Today, I welcome fellow MuseItUp author and friend,
Michelle Pickett, to share her writing process with us.
What do you write?
I write both adult and young adult urban fantasy, sci/fi and paranormal romances.
Do you use 1st person, 3rd person, multiple POVs?
So far I've only written in the first person POV, but I'm drafting a book that will be in the third person. I'm finding it a lot harder than I thought it would be.
How do you get started with a book- is it an idea, a character, vary from story to story?
It is usually the story that comes first for me. Although, sometimes the story and the main character show up simultaneously.
Do you draft quickly or are you more detailed in your draft?
I'm not a fast drafter. It usually takes me about six weeks to draft my first draft and another six to do revisions and rewrites. [Wow! That seems fast to me, but my drafts are all over the place!]
Do you do research before your first draft, during?
I don't usually have a lot of research that needs to be done, but if I do I tend to do it while I'm writing rather than before.
Do you outline? How?
I don't, is the short answer. I have a general idea and just go with that. However, I'm starting to see the benefits of having at least a loose outline to follow. I haven't found the method that works best for me yet, so I'm trying different formats. I've been reading some craft books on outlining. So far I've just been jotting down notes and keeping them in order in relation to the storyline.
Do you name everything up front when you are drafting or do you leave comments for yourself to go back and fill in later so you don't lose the flow of what you are working on?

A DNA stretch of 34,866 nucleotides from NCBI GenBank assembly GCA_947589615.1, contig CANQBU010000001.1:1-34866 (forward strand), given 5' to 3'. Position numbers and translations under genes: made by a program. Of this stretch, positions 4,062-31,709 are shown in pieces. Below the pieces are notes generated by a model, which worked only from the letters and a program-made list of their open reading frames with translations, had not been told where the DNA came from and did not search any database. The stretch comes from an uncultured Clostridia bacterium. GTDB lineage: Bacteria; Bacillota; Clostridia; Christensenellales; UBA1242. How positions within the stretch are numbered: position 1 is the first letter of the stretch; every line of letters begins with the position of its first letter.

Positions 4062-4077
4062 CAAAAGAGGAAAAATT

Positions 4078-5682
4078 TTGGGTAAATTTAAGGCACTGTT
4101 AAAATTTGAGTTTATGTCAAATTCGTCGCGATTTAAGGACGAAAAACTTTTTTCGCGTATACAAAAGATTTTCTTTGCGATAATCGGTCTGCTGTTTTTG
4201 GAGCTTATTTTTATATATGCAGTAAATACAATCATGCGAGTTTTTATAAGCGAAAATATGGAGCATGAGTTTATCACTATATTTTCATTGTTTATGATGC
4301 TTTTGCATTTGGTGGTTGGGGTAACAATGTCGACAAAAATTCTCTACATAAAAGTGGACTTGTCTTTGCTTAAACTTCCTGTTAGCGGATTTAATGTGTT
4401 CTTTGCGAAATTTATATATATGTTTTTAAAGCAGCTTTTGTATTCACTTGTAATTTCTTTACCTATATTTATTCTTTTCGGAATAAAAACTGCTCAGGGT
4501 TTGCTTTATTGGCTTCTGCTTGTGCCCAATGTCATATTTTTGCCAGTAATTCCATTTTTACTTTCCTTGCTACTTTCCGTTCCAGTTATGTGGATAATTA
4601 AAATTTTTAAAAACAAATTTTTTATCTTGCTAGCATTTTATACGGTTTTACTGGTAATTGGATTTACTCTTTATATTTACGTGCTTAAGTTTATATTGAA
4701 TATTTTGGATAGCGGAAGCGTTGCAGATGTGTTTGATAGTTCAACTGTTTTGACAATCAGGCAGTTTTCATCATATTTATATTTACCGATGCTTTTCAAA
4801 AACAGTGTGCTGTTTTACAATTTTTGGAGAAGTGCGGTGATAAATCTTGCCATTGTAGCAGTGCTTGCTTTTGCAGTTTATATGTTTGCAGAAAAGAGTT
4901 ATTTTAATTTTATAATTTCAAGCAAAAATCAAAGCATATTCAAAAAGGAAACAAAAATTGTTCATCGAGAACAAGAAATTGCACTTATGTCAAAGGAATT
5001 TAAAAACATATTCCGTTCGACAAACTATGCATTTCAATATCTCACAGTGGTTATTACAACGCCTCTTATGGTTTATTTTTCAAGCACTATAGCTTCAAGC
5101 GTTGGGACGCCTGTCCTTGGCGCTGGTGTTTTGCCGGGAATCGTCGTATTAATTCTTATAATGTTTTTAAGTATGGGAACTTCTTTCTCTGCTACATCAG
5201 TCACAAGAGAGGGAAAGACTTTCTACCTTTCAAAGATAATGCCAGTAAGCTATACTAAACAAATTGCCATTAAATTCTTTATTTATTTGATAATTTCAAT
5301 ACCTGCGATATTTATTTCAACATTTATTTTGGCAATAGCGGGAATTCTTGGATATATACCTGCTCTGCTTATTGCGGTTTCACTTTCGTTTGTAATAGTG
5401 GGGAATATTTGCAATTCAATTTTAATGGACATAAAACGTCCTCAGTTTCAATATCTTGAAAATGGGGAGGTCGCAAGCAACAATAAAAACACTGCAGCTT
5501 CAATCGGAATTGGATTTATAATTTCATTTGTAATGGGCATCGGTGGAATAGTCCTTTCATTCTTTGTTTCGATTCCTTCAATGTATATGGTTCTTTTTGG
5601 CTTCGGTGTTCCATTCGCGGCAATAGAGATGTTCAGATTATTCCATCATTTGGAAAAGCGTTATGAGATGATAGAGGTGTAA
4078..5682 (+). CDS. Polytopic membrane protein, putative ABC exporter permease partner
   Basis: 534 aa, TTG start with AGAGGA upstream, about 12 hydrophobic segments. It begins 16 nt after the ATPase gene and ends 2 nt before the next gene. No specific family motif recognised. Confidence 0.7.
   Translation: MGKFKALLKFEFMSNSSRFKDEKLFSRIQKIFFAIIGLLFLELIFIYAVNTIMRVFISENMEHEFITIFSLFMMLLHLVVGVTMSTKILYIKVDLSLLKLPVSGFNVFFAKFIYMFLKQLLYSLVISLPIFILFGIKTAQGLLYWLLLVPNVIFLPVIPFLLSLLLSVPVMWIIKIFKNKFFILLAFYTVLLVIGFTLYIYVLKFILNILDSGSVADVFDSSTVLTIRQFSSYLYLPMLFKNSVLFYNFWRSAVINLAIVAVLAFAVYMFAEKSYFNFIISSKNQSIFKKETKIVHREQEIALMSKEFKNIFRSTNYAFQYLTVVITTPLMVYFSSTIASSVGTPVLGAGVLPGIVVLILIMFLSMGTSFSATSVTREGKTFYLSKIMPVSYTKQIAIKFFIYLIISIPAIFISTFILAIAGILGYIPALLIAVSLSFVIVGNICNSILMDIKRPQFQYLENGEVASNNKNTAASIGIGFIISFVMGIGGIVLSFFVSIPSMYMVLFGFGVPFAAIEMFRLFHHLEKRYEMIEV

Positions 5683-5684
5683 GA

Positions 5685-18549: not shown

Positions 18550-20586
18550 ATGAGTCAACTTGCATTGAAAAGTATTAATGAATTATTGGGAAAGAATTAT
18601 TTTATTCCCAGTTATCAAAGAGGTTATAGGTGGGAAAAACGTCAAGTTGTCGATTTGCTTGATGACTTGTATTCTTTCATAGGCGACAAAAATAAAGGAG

I generally name everything up front, but that doesn't mean the name will stick. I've been known to change names a few times before finding the one that I "feel" fits.
Do you work with CP's or Beta's? How soon into your draft do you let them see your work?
Nope, I've never worked with them. When I started writing Concilium I didn't know they existed. Afterward, when I learned of them, I was never really sure how to go about finding one to work with. I have some family members and friends that read my work that I call my "Betas and CPs" but they really aren't.
What books/websites have you found most helpful to helping you write your best?
Hooked, by Les Edgerton.
Sin and Syntax: How to Craft Wickedly Effective Prose by Constance Hale.
Self-Editing for Fiction Writers, How to Edit Yourself into Print by Renni Browne, Dave King.
The Emotion Thesaurus: A Writer's Guide to Character Expression by Angela Ackerman, Becca Puglisi
What do you know now that you wish you knew when you started writing.
I wish I knew about Beta readers and Critique partners and how important they are. I think Concilium would have been a much stronger book if I'd had some additional input from outside sources. It's hard to be objective when it's your "baby."
What do you have out now, or coming out? Any upcoming events? A website we can find you and your books at? An author photo? A booktrailer? Anything else you want to share?
Concilium was released in July.
The sequel, Concilium: The Departure, is scheduled for release in November. Both are published through MuseItUp Publishing.
PODs, my debut young adult novel, will release in paperback through Spencer Hill Press June 4, 2013 (my son's 12th birthday!) [I think that is so awesome!]
I just signed a second contract with Spencer Hill Press for a young adult paranormal romance, titled Milayna, that will release in paperback in March of 2014.
I'll be at the 2013 Book Expo America in at the Javits Center in NYC signing copies of PODs.
Places you can find me on the web:
Book Buy Links:
Thanks so much for stopping by and sharing your process, Michelle!